The last few weeks have been rife with tech speculation. No, we arenâ€™t talking about the results of any election, rather new tablets. It seems that the last two weeks of October have turned into â€˜Open Tablet Seasonâ€™, where developers go hunting for sales by releasing new tablets. Announcements have been made by both Apple and Google. Apple had their turn last week, and Googleâ€™s big event is October 29. Rumor has it, there will be new Android tablets too. Before you get caught up in â€˜Tablet Frenzy 2012â€™ you should ask yourself how you intend to use it for business.
Before we answer any questions about whether a tablet, more specifically an Android tablet, is right for your business, we need to look at the elephant in the room, the iPad. The iPad is a great device that allows users to communicate much as they would on a smartphone, just over a larger screen. The thing about the iPad, and most other tablets, is that they are generally designed for the largest audience – no, not businesses; retail consumers.
This puts businesses at a bit of a disadvantage in terms of tablet adoption, simply because modern tablets are so new that they havenâ€™t had time to evolve and concentrate on many other mediums outside retail everyday-use. This has left businesses wondering why they should adopt tablets, and those that have try to fit the tablet to traditional uses.
Most early business adopters of the tablets, Android tablets in particular, have been using them as oversized PDAs. In this way, Android tablets excel, especially if you use Googleâ€™s products. Practically your whole office, calendar, alarms, contacts and email are in one easy to carry device. The administration side of business and Android go hand-in-hand.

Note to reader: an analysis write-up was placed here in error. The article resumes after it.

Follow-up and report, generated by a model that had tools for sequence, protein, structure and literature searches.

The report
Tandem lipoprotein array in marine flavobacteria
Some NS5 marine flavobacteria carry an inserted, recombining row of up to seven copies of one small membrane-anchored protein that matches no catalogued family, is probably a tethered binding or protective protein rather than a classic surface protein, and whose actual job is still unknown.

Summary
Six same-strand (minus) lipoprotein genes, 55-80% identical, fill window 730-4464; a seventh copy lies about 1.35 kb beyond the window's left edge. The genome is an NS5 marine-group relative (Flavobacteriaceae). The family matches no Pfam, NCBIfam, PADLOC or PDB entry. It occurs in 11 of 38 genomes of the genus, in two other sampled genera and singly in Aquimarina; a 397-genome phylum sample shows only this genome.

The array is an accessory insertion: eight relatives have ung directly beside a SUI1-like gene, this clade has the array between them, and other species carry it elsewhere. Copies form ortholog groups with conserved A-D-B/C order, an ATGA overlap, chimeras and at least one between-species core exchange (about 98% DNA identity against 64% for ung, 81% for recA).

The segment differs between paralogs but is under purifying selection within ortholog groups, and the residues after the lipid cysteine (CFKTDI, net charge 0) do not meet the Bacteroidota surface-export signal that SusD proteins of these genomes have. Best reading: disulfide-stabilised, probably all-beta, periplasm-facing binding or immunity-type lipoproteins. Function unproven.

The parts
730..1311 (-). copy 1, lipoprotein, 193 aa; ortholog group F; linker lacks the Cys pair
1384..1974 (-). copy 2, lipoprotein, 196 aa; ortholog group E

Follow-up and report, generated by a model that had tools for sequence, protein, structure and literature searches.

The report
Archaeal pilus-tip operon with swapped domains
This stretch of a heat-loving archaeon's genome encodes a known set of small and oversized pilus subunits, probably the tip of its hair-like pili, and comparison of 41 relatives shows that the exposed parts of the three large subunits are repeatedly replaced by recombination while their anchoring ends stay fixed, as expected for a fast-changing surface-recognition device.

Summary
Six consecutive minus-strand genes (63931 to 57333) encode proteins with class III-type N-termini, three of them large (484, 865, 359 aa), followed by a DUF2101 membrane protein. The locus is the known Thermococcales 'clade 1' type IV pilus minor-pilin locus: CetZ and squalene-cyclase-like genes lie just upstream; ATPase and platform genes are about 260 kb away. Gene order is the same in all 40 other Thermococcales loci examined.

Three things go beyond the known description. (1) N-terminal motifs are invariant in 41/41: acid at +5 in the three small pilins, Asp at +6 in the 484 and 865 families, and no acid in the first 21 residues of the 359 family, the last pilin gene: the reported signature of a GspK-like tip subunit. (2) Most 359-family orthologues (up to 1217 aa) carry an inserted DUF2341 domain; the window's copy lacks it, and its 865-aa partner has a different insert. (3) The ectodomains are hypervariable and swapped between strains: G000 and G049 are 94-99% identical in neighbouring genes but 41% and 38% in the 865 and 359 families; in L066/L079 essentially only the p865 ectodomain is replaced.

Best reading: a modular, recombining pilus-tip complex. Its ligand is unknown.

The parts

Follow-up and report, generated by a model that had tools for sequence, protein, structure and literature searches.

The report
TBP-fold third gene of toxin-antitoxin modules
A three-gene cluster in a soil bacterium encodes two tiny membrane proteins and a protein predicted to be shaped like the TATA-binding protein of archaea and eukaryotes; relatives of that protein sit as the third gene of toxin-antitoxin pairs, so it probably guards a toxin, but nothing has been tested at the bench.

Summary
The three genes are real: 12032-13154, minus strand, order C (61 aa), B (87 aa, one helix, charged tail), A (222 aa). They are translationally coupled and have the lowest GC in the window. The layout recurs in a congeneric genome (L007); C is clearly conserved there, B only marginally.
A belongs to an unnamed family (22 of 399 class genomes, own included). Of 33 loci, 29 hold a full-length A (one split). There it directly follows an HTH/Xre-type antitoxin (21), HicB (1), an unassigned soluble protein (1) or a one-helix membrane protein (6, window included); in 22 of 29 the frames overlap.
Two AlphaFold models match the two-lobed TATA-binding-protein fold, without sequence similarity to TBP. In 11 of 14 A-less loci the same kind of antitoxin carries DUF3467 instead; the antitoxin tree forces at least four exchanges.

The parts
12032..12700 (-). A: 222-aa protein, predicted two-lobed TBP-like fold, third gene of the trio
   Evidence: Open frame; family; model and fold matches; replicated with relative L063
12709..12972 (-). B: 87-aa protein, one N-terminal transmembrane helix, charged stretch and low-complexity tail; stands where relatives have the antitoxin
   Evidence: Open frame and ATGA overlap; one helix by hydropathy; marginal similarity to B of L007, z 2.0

The tablet is great for the road-warrior. Why carry a large, bulky laptop around for presentations when most tablets can now connect to projectors, thus enabling users to run presentations and keep notes on the same small device. Tablets are also good for giving presentations during a lunch meeting, or to a smaller group. Thereâ€™s no need to rent a big space with a projector to present to a handful people.
Where the tablet starts to look less impressive for businesses is in terms of productivity. Continuing the presentation example from above: Yes, you can easily give presentations on a tablet, however creating and editing, while not impossible, takes a lot longer than on a computer. The same goes for word documents and spreadsheets. Itâ€™s an act of frustration to use advanced features of both office functions on a tablet. While this sounds like a big con, there are a number of programs expected in the near future, like Office 2013 for Android, and add-ons like keyboards, that will make it easier to be productive on a tablet.
The other hinderance of tablet adoption is that many small businesses just donâ€™t have a way or plan on how to manage tablets in the office. A large number of backup and management solutions companies use come from before the modern tablet became so successful, and as such, they lack a way to support these devices. Consequently the value add-on of tablets might be offset by the cost of upgrading to support them.
There is a high enough adoption rate of these devices amongst companies that back-end developers and service providers are starting to work in ways to manage/integrate mobile devices into the companyâ€™s systems while keeping the cost to a minimum.
If youâ€™re thinking of integrating an Android tablet into your office ecosystem – a move many agree with – and if you want to be more mobile and connected from anywhere, we recommend that you talk to us first, as we may have a low-cost, or affordable way for you to integrate a device into your systems successfully.